[Haskell-cafe] Re: [Haskell] Top Level <-
john at repetae.net
Thu Aug 28 17:01:20 EDT 2008
On Thu, Aug 28, 2008 at 09:00:41AM +0100, Lennart Augustsson wrote:
> I'm certain you can write a kernel in Haskell where the only use of
> global variables is those that hardware interfacing forces you to use.
And hence you need a safe way to use program-scope variables. It is true that
there are many many programs that can be written without them. But those
don't concern us, if there are _any_ programs that need them that we
wish to write in haskell then we need a safe way in haskell to use them.
The truth is, 'process scope' is a useful scope to attach information
too. Many operating systems attach various resources to process scope,
memory allocation, file descriptors, protection domains. this in and of
itself makes it useful for any programs on these operating systems to be
able to augment this process scope.
I mean, why is it okay to use 'process scope' state provided by the
operating system or haskell runtime, but _not_ be able to express such
things in haskell itself? I mean, lets look at the items provided for by
plain haskell 98 which involve entities that are process scope or bigger:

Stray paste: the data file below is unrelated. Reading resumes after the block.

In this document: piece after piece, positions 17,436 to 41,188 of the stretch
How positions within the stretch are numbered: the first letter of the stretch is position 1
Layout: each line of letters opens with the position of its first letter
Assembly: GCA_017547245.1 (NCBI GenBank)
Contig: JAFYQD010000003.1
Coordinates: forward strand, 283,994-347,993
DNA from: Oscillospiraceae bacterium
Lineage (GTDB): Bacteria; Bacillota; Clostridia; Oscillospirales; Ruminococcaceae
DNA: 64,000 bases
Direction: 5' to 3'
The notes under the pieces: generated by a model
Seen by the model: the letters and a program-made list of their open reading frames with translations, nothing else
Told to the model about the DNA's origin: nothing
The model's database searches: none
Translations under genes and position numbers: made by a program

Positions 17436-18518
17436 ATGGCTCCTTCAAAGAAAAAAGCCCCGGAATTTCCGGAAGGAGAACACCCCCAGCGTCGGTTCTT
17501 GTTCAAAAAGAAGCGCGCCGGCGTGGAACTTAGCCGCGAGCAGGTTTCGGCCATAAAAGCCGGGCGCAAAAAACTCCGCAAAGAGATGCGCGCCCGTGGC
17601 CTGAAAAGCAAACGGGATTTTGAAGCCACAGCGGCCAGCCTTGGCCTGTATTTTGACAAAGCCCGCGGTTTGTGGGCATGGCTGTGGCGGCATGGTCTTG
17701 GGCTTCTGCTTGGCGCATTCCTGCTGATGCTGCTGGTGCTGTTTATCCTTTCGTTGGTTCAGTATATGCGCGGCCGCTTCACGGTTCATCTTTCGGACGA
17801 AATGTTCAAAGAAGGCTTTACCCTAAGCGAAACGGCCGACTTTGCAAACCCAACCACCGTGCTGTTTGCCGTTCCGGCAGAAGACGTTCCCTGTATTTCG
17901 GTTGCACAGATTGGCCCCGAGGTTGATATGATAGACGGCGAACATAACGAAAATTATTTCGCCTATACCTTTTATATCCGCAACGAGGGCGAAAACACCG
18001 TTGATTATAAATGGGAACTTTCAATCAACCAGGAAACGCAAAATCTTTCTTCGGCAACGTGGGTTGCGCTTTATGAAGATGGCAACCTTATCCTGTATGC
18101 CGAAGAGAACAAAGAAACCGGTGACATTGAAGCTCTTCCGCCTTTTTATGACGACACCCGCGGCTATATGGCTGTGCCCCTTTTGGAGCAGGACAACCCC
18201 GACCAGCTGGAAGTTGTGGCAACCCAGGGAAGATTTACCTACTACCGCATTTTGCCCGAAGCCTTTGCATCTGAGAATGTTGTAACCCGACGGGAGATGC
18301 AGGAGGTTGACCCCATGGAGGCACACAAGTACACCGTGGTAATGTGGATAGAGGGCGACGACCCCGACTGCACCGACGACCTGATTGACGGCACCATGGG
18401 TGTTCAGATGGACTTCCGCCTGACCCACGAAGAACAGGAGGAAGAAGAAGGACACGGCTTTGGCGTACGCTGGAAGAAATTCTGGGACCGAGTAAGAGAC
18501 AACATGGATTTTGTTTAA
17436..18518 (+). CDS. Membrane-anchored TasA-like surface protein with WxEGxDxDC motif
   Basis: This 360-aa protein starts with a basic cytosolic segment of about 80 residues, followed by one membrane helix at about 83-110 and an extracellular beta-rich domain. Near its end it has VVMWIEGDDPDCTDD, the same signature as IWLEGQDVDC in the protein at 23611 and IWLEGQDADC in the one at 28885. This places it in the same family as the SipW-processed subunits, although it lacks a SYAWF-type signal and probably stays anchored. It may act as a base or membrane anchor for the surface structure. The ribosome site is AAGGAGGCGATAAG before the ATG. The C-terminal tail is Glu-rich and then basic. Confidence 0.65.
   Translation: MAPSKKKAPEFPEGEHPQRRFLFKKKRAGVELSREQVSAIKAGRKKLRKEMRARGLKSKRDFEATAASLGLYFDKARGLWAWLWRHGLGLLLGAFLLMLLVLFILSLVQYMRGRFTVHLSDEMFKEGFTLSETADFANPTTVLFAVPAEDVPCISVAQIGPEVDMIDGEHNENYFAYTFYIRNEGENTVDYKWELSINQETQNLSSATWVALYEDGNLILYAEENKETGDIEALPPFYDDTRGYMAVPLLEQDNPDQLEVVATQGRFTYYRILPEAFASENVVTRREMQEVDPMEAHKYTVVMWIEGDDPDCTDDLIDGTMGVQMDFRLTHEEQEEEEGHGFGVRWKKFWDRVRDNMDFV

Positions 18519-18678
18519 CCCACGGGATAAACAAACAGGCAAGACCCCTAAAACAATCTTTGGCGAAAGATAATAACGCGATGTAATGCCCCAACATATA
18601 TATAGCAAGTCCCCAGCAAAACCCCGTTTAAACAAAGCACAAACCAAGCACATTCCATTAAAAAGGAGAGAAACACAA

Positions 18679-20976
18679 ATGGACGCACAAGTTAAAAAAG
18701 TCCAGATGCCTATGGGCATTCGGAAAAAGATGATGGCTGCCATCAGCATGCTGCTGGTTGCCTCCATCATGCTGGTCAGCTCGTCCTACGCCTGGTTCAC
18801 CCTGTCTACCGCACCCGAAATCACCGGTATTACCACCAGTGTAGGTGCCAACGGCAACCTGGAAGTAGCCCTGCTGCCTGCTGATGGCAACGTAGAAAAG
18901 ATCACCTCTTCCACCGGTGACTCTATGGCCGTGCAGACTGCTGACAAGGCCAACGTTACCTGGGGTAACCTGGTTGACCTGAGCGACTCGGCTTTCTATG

getStdGen, setStdGen, getEnv, getArgs, stdin,stdout,stderr, cpuTimePrecision, isEOF,
getCurrentDirectory, setCurrentDirectory, system, exitWith, exitFailure,
getProgName, getClockTime, probably others in more subtle ways.
do we really want to say that these are all wrong or _must_ be provided
by C or the operating system because implementing them in haskell would
somehow be unclean? Why shouldn't we be able to implement the concept of
a 'current directory' in haskell when we are perfectly happy to use the
OS provided one? What if you have an exokernel, where it is expected
these things _will_ be implemented in the userspace code. why shouldn't
that part of the exokernel be written in haskell?
John Meacham - ⑆repetae.net⑆john⑈
More information about the Haskell-Cafe